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Che cosa fa di un grande romanzo il grande romanzo?
Se lo chiede Gabriel Brownstein e cerca di rispondere esaminando due romanzi usciti recentemente, Freedom di Jonathan Franzen e The Cookbook Collector di Allegra Goodman.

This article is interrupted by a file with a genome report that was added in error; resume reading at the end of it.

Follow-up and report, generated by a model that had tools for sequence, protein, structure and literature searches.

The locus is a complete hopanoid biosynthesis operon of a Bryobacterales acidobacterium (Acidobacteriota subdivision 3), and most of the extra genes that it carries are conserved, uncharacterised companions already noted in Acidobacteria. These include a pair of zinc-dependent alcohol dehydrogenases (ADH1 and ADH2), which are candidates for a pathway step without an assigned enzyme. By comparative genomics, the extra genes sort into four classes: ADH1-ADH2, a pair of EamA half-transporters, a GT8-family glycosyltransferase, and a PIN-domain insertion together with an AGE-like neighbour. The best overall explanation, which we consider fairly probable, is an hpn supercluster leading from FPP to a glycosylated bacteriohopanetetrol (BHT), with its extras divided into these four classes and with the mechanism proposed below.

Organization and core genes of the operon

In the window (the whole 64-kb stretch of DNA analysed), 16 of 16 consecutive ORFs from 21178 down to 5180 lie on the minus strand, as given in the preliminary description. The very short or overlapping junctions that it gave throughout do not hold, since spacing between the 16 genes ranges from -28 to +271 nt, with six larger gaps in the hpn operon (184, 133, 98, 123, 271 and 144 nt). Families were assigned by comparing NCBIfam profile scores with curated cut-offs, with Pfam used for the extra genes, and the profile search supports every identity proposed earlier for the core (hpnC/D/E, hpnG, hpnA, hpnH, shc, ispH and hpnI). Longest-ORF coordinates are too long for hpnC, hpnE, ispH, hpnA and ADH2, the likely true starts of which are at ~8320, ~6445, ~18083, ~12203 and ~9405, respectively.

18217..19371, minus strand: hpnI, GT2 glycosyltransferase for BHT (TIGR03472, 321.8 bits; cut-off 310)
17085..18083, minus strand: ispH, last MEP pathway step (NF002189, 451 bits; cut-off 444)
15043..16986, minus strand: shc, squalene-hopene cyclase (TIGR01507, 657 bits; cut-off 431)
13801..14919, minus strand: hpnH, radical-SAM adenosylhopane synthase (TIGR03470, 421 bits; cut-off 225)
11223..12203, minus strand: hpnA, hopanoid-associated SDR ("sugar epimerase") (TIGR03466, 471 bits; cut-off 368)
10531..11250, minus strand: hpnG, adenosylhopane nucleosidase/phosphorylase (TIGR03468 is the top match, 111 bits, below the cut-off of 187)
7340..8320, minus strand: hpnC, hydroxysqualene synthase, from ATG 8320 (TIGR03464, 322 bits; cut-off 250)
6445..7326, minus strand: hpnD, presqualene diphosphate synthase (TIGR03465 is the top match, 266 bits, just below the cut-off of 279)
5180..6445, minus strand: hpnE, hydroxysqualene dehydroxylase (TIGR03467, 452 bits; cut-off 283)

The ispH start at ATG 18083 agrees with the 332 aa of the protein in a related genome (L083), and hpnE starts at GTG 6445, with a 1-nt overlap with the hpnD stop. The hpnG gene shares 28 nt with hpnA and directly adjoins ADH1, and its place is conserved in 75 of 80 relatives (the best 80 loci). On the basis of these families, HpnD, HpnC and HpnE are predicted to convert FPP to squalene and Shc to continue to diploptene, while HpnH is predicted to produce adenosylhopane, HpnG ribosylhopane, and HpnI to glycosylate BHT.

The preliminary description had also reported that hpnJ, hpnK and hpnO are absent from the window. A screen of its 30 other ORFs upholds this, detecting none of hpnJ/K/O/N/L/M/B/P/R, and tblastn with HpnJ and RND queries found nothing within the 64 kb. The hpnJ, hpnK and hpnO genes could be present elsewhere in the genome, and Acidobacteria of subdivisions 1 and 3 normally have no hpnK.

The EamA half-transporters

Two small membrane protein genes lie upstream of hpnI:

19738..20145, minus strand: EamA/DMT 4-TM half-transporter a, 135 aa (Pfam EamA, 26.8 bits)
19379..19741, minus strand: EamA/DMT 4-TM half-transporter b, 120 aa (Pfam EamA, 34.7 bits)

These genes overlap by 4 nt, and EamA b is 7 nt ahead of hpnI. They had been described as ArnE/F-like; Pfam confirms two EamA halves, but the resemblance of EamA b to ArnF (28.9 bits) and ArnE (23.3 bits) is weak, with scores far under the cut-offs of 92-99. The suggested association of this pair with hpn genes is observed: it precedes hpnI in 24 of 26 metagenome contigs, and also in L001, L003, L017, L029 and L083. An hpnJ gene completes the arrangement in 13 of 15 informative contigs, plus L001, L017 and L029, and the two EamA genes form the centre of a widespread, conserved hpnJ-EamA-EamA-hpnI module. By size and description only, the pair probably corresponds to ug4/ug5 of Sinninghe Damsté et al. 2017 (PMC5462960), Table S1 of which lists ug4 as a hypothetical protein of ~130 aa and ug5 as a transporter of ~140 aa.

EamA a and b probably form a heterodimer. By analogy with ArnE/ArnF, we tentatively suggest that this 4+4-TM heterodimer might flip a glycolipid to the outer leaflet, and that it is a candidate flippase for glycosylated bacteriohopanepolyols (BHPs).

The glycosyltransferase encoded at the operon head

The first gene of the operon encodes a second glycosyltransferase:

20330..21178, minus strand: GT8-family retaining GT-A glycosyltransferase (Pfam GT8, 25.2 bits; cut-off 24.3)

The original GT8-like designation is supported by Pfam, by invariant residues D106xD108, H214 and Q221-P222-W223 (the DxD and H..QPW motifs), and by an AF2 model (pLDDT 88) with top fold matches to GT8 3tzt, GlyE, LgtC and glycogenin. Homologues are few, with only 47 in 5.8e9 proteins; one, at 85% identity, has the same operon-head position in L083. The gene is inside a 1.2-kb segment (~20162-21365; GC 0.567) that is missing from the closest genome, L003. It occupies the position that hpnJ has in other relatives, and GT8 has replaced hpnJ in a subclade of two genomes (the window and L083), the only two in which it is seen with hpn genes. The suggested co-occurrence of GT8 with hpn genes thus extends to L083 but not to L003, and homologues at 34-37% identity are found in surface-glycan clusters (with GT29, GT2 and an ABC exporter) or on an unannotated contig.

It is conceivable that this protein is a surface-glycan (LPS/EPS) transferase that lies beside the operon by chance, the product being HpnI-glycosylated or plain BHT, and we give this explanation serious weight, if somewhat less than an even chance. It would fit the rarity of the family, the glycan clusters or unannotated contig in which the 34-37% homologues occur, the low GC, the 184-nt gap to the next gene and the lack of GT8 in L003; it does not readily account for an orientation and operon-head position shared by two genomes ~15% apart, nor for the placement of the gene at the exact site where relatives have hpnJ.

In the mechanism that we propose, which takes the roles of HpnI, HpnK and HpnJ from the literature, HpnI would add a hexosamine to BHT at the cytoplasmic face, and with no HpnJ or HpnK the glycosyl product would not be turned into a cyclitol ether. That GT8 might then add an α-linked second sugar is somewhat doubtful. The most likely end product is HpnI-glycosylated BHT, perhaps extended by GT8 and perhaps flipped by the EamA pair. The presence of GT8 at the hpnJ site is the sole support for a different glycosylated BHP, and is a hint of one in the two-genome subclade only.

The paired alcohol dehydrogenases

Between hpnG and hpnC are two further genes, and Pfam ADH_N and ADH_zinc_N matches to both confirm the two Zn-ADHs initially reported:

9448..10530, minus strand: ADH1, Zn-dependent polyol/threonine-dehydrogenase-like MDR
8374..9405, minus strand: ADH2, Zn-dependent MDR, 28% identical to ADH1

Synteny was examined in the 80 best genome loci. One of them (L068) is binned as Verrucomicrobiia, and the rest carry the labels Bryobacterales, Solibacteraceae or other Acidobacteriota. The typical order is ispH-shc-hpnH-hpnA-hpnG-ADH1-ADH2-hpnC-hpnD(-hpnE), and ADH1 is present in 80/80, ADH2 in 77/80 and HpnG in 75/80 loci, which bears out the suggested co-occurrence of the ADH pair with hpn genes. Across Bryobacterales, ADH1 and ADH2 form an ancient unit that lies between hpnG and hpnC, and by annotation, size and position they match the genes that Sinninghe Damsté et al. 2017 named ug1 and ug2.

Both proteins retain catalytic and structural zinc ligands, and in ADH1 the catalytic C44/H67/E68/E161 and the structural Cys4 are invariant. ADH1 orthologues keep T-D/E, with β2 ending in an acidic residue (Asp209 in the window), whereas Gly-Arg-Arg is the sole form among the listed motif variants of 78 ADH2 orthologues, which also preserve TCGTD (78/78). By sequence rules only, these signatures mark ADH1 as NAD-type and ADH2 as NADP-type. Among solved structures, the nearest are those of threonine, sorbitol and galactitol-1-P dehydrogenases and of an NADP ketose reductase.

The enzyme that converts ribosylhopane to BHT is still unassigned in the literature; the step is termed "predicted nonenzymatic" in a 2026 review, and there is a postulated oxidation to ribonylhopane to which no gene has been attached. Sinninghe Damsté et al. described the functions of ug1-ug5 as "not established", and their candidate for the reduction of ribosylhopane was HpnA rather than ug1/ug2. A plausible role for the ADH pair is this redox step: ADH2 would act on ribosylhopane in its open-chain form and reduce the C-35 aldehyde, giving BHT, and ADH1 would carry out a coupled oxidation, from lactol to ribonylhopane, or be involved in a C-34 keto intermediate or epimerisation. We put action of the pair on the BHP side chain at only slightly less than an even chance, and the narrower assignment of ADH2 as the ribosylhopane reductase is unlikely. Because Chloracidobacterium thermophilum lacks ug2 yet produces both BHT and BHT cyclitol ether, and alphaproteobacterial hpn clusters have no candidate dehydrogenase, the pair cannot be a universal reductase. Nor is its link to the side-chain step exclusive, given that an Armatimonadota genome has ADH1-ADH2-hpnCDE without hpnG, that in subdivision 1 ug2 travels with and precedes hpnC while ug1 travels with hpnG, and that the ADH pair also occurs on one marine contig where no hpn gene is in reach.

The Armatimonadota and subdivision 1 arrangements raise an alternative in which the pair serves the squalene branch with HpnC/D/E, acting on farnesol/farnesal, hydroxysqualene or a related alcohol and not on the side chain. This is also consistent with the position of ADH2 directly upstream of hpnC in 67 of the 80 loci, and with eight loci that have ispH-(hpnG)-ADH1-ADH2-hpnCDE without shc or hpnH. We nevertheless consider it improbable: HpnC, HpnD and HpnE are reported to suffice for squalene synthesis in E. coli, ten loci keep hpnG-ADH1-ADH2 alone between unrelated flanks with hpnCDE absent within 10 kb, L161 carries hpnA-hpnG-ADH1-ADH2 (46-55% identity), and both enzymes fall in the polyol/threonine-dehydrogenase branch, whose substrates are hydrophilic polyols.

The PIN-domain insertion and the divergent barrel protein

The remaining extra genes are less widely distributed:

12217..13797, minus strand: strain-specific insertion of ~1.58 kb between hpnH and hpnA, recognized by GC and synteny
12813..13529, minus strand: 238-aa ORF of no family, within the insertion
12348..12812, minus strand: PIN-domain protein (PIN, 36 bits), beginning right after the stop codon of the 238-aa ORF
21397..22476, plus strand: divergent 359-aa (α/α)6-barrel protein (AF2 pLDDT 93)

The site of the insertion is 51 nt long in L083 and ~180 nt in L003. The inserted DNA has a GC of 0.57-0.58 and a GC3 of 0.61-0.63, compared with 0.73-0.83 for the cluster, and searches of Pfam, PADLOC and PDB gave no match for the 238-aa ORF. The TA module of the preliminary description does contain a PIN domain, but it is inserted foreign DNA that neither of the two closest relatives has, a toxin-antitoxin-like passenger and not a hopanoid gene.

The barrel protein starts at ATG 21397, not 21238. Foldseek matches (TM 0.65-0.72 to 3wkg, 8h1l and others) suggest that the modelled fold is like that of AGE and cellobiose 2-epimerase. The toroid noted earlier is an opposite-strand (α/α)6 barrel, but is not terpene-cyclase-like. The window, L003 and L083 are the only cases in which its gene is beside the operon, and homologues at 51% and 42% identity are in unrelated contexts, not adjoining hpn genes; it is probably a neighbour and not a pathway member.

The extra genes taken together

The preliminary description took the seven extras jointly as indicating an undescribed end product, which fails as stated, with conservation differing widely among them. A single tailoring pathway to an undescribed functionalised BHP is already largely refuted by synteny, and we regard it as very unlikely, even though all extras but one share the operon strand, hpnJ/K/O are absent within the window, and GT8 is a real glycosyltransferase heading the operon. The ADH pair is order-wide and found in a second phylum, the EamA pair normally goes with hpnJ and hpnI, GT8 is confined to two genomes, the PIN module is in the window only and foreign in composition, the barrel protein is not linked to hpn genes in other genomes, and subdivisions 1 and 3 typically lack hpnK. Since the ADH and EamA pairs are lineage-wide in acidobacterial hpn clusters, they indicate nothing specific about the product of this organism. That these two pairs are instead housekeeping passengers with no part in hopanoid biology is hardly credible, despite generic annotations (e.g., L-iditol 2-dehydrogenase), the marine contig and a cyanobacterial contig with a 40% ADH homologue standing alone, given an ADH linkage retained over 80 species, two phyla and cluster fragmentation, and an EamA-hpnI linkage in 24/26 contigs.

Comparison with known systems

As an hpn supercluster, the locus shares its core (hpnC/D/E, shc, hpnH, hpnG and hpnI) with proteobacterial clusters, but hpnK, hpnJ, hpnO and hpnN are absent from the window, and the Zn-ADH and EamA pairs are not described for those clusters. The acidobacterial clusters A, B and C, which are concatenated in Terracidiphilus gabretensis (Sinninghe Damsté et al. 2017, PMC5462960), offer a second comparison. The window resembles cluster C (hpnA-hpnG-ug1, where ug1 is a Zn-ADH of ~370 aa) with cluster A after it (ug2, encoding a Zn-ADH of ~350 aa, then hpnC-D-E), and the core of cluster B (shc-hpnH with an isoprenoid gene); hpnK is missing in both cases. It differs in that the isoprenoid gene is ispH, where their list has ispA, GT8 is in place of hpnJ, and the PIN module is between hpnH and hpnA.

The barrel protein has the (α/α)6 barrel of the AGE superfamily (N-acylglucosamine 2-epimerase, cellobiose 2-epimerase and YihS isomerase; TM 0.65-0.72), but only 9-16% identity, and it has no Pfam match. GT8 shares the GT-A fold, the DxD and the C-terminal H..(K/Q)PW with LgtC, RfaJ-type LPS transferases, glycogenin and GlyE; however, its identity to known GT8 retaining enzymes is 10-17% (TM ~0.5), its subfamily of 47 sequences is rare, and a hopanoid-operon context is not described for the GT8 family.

Verso la fine del suo lungo articolo Brownstein dice, "Twenty years ago, David Foster Wallace wrote an essay called 'E Unibus Plurum: Television and U.S. Fiction,' in which he worried that the irony of his favorite post-moderns (Pynchon, Delillo, Gaddis, Barth) had been co-opted in his generation of post-modernists' lives by television, in particular leering, cynical 'I know this is just an ad' kind of TV ads. Wallace worried that his generation of post-modernists had fallen into a trap, a reflexive, cold irony he called 'televisual,' and he described this irony’s gaze as 'the girl who’s dancing with you but who would rather be dancing with someone else.' Allegra Goodman, of course, is in no danger of falling into this trap. ... Meanwhile Franzen's novel - his whole career, really - is a struggle with this postmodern ironical trap, a struggle to inhabit it and get out of it, to be humane and to be ironic. ... Franzen is dancing with you, sure, ... but he's not wholeheartedly on the floor with his partners. Allegra Goodman loves her characters - they absorb her attention as if she could wish for nothing more, and she offers them intimately to her readers, so much so that the author herself all but vanishes. Franzen's characters meanwhile exist somewhere beneath the glory of his prose. His book is not so much addressed to the intimate reader, it's addressed to the judges and the crowds. themillions.